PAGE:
Changes in the Minimum Data Set (MDS) are scheduled for final implementation on October first of this year. These changes are not new or unanticipated as they are based on the 2019 CMS adoption of the Patient Driven Payment Model (PDPM) that was intended for full implementation in October of 2020 but was delayed by the COVID-19 pandemic. None the less, most states and providers are still ill-prepared for this substantial change.
PDPM is now familiar to skilled nursing facilities, as some changes were implemented earlier, including a much-reduced assessment workload, which eliminated the MDS 14-day, 30-day, 60-day, 90-day, and OMRA assessments in favor of the five-day. With this final implementation, ten sections of the MDS have changes with Section G completely eliminated. While portions of Section G have been added to section GG, there is no question that the change in the data collected and the structure of that collection has a larger impact. Specifically, Section G provides the data needed to calculate portions of the quality measures and the formulation of aspects of the five-star quality ratings. Section G also triggers several of the care area assessments, or CAAs, required for comprehensive care plans.
Most importantly, Section G provides the data that drives the RUGS III and RUGS IV acuity measurements, which are used in 36 out of 50 states to determine state level Medicaid payment rates. With the decision of CMS not to support the RUGS system after October 1, states that rely on this system are forced to determine how they will calculate Medicaid payment rates for nursing home care going forward.
Of the affected states, Wisconsin and Illinois have completed their transitions to PDPM as the basis for payments; the rest of the states are working through their solutions. North Carolina recently announced that they will usher in PDPM over a two-year period. Meanwhile, CMS has released an Optional State Assessment Item Set, an add-on assessment which provides the data needed to continue the RUGS process while states, like North Carolina, and providers make their changes. During the transition, all but 14 states intend to continue collecting PDPM data. One remains undecided. For those states, for which transitions will be pending on October 1, 2023, the use of the new Optional State Assessment Item Set will be required to fill the data gap, allowing for continued access to the important data.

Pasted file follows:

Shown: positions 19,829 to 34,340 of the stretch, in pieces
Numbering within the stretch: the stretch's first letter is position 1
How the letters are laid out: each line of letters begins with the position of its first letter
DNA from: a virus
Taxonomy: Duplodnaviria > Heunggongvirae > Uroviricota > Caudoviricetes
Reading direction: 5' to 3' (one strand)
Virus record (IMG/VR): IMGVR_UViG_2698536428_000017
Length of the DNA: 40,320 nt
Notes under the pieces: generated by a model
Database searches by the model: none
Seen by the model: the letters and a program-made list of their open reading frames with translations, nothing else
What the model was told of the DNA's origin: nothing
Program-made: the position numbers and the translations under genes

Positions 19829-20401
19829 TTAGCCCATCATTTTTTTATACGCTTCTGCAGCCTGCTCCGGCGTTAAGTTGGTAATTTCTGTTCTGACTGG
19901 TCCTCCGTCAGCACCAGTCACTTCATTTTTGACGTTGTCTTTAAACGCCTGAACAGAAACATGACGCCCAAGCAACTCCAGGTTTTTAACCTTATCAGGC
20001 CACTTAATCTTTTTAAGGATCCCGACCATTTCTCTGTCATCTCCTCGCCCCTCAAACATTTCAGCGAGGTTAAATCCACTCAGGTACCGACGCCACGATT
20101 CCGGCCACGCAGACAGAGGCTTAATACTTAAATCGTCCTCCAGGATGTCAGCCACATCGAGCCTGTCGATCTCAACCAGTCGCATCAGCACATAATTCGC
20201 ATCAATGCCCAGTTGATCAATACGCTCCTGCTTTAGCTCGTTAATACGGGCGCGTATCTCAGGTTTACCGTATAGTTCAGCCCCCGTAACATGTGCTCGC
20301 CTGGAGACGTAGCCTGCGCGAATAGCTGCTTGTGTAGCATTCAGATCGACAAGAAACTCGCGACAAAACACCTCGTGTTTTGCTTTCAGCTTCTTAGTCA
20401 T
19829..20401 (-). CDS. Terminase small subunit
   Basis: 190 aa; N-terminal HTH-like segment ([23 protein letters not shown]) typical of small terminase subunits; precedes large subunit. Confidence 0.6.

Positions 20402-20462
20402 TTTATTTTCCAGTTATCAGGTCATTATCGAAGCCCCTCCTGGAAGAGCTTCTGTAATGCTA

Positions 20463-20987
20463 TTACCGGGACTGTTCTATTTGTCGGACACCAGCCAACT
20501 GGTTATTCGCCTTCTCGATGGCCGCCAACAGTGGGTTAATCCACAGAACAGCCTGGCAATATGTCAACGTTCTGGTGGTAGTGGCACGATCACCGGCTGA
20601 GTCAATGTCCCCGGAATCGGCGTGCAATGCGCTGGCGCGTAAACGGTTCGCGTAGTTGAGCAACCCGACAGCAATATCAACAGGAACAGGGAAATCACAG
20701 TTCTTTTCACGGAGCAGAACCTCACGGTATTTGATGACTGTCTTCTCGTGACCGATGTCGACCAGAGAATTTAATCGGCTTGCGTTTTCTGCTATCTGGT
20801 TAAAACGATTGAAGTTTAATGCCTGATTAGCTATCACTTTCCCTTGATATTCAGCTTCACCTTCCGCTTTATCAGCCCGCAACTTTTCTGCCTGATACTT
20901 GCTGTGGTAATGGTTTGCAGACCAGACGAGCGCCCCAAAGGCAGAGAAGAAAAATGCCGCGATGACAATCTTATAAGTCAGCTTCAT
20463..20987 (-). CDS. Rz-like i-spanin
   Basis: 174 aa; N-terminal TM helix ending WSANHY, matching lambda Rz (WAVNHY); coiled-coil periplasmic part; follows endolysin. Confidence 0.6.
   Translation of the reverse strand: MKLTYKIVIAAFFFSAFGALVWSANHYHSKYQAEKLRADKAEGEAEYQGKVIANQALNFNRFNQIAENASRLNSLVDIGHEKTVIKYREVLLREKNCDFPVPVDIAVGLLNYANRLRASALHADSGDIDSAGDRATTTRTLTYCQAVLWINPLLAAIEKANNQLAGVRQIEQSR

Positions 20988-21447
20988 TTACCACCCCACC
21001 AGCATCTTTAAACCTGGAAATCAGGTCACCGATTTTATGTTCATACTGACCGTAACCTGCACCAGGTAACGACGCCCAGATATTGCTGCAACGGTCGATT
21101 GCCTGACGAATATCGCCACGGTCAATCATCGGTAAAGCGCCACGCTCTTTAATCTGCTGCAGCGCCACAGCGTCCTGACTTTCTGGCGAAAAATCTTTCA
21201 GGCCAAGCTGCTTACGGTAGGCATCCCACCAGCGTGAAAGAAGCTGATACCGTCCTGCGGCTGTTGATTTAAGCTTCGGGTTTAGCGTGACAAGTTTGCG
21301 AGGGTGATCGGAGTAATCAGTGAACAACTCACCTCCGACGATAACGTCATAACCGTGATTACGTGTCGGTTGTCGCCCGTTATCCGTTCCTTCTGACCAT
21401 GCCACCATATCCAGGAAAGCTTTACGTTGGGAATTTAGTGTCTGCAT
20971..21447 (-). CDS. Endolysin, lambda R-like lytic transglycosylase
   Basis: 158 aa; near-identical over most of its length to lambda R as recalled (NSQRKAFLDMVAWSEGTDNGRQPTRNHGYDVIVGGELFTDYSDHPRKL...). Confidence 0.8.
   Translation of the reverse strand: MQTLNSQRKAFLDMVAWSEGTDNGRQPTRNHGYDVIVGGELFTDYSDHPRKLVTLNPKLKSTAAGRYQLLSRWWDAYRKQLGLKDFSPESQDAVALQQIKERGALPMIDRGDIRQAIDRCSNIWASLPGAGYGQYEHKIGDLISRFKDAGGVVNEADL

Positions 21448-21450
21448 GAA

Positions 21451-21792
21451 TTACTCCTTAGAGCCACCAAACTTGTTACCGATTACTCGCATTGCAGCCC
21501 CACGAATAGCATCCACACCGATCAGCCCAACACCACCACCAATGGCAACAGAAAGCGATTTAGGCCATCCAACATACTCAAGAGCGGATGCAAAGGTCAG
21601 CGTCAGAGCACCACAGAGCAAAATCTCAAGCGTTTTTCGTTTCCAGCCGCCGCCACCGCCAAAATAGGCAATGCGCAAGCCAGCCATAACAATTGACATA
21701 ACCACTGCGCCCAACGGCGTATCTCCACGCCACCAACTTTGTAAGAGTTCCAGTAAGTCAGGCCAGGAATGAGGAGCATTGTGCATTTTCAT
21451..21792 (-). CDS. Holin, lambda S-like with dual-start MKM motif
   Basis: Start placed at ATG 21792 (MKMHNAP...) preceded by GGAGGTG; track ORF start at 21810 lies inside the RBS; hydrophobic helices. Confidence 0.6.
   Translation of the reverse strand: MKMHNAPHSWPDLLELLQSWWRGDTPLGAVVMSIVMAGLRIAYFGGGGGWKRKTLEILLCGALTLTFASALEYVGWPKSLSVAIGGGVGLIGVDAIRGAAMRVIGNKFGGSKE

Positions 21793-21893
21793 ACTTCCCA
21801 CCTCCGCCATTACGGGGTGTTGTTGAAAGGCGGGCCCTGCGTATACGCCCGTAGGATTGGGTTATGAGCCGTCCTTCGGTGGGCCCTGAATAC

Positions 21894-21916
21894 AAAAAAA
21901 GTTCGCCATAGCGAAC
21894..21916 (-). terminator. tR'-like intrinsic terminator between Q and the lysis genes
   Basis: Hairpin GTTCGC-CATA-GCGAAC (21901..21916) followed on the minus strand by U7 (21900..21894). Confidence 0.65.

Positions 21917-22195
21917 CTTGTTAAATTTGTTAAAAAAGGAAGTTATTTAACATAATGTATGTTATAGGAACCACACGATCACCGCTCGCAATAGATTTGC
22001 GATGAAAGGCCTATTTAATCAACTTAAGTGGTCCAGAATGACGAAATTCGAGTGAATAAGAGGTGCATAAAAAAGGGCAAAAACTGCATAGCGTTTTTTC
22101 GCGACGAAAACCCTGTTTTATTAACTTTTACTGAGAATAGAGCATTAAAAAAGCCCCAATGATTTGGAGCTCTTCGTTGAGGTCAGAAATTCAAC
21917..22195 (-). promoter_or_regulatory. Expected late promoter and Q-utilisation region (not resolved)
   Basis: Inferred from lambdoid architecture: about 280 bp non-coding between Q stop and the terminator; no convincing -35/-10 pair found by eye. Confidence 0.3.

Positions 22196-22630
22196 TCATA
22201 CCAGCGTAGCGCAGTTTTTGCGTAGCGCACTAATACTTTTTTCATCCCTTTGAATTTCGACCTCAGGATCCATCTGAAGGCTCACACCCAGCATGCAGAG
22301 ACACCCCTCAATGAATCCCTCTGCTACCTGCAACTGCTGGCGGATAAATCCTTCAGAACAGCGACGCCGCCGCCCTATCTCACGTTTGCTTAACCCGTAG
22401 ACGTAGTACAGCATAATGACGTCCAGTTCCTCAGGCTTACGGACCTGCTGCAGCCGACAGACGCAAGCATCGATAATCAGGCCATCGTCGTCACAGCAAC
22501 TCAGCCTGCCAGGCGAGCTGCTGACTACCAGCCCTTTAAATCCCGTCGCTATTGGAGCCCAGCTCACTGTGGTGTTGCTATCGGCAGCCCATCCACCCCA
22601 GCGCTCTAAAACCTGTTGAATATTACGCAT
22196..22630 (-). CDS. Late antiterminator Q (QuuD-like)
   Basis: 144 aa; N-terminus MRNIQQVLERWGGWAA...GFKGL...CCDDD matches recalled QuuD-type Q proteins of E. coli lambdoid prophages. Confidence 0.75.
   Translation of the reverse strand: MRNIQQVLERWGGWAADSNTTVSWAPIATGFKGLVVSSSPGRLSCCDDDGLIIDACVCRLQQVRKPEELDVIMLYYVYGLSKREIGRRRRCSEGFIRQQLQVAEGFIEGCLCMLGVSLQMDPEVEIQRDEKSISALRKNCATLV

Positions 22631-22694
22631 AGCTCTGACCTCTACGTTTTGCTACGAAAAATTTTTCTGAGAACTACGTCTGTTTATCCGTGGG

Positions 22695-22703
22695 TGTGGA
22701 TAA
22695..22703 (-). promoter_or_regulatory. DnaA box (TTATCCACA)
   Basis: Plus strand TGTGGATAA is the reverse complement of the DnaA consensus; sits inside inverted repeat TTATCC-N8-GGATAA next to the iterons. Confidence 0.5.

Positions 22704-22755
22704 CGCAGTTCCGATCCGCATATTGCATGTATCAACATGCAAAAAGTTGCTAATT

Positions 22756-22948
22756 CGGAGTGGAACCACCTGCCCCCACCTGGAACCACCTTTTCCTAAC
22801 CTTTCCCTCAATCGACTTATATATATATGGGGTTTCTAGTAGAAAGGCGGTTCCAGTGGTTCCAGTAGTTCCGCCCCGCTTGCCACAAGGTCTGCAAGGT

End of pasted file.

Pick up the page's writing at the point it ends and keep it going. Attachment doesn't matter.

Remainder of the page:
Without exception, the change is a serious headache at the state and provider levels. Despite the simplified version of the MDS assessment requirements, change is hard. Many will struggle to avoid it.
As you prepare for the coming changes, Health Dimensions Group recommends you do the following:
- Talk with your state’s Medicaid office or your state’s health care association to learn what is in the works. If your state is planning to transition to PDPM, it is important to anticipate at least temporary use of the OSAs. If not, you may have even more work to do to determine what system will be used.
- Talk with your Electronic Medical Record (EMR) provider to find out what their plan is. How do they intend to include the OSA? How will CNAs record resident care activities of daily living (ADL) data? Will data move smoothly between the assessment and the MDS, or will providers need to incorporate manual measures?
- Decisions will need to be made about who will do what and on what timetable:
- There are form changes, policy changes, changes in care planning, decisions about how ADLs living will be collected and recorded, and lots of training to be completed.
- What system will be used to monitor compliance with ADL collection requirements?
- Will your current scrubber assist in determining errors and potential areas to review prior to submission? If you do not know the answer to this, you will need to speak with them.